That symbol is hardwired into American history and popular culture. It's Nat Turner, the slave who inspired a bloody 19th-century uprising. It's Malcolm X, the black militant who denounced "blue-eyed devils."
It's the hip-hop and rap artists who populate contemporary radio.
Why Obama can't get angry if he tried
Obama, though, has spent a lifetime trying to rewrite that script, says Street, who says he worked with Obama in Chicago.
"He is Mr. Equanimity and Mr. Consolation," says Street. "That's how he negotiated his way through multiple worlds, and reached out across bridges."
In his 1995 memoir, "Dreams of My Father," Obama explained why he thought such negotiation was necessary when he met white people as a young man growing up in Hawaii.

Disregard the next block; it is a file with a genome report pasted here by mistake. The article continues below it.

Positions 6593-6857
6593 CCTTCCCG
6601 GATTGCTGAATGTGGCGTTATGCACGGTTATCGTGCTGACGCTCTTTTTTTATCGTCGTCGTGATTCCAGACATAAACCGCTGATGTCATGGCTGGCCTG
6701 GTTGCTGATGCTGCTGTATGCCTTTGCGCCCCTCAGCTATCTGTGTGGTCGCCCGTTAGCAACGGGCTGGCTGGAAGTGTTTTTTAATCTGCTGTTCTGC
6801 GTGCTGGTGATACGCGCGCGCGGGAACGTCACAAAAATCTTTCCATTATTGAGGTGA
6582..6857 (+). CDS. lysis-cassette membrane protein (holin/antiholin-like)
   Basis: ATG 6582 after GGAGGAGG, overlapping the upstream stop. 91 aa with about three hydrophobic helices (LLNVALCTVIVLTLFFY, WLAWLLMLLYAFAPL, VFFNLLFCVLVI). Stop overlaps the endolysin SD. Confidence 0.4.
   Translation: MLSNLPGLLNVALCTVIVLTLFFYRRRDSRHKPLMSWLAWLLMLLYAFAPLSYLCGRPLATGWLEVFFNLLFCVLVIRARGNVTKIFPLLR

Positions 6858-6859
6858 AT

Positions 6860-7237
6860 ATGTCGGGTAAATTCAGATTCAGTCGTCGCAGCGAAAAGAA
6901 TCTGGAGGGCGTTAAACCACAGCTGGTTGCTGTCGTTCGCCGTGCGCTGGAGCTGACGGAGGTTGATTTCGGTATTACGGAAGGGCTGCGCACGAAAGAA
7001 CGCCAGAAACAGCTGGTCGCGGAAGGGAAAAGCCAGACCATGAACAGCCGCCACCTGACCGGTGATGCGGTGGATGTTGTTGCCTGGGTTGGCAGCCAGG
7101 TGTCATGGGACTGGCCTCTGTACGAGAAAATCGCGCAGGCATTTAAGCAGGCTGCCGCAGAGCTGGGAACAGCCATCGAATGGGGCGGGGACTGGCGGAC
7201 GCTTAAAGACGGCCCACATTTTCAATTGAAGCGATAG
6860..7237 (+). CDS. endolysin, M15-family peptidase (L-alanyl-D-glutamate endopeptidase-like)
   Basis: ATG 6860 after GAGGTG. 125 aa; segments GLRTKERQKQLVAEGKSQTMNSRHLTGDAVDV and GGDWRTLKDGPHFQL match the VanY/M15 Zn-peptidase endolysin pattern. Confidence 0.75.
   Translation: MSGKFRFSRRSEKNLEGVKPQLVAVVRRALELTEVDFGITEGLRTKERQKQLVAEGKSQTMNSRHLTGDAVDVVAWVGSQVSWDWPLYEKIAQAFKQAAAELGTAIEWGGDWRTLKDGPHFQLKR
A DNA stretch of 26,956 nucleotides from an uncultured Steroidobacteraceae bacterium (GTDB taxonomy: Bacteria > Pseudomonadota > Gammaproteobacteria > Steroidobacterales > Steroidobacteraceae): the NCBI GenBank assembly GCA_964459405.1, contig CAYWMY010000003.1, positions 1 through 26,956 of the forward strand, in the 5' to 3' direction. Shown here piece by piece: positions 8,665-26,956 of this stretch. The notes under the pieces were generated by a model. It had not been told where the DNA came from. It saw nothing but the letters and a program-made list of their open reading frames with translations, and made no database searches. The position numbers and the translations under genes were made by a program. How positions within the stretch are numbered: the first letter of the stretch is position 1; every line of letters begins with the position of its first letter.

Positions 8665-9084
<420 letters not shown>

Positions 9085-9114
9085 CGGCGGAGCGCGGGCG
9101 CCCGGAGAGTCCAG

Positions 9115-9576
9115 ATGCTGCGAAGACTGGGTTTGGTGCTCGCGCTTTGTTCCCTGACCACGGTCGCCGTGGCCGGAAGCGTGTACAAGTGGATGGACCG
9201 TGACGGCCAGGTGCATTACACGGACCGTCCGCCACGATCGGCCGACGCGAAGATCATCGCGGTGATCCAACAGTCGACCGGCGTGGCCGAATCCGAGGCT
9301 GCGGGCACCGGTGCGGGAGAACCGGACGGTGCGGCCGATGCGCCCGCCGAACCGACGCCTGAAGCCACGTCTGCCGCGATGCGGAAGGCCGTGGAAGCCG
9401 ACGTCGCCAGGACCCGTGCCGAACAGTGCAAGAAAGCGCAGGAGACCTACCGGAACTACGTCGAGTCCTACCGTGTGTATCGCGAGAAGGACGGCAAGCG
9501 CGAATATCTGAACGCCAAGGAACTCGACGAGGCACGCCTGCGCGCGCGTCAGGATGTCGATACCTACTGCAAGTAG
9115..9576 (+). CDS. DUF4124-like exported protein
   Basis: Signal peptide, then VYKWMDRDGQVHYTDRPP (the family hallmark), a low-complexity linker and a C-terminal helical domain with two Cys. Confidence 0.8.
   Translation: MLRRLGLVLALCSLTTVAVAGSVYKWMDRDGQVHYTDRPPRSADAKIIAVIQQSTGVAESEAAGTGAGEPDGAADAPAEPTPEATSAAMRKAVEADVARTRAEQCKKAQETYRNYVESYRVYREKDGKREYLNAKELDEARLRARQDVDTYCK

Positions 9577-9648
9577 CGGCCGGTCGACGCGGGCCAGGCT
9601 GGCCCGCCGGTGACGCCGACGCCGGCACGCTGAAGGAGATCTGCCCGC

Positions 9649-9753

"People were satisfied so long as you were courteous and smiled and made no sudden moves. Such a pleasant surprise to find a well-mannered young black man who didn't seem angry."
If Obama wants to go down as a great president, though, he may have to discover the political value of rage, others say.
Franklin Roosevelt was such a president, historians say. During the Great Depression, he went after business leaders who opposed his New Deal policies. Roosevelt once said that he "welcomed the hatred" of the economic elites.
Could Obama become a 21st-century version of Roosevelt, not only in taking on the oil companies but big bankers as well?
Ambar, from Lehigh University, doesn't think so. Obama doesn't share Roosevelt's elite background, which inoculated him from charges of being anti-American. Roosevelt came from a prominent, and wealthy, American family.
"It's easier to do it if your name is Roosevelt," Ambar says. "No one questions your love of capitalism or your patriotism."
Obama's challenge ahead
The BP oil spill, though, goes beyond race. It is so egregious that Obama now has permission to stoke some "pitchfork, populist" anger, says Street.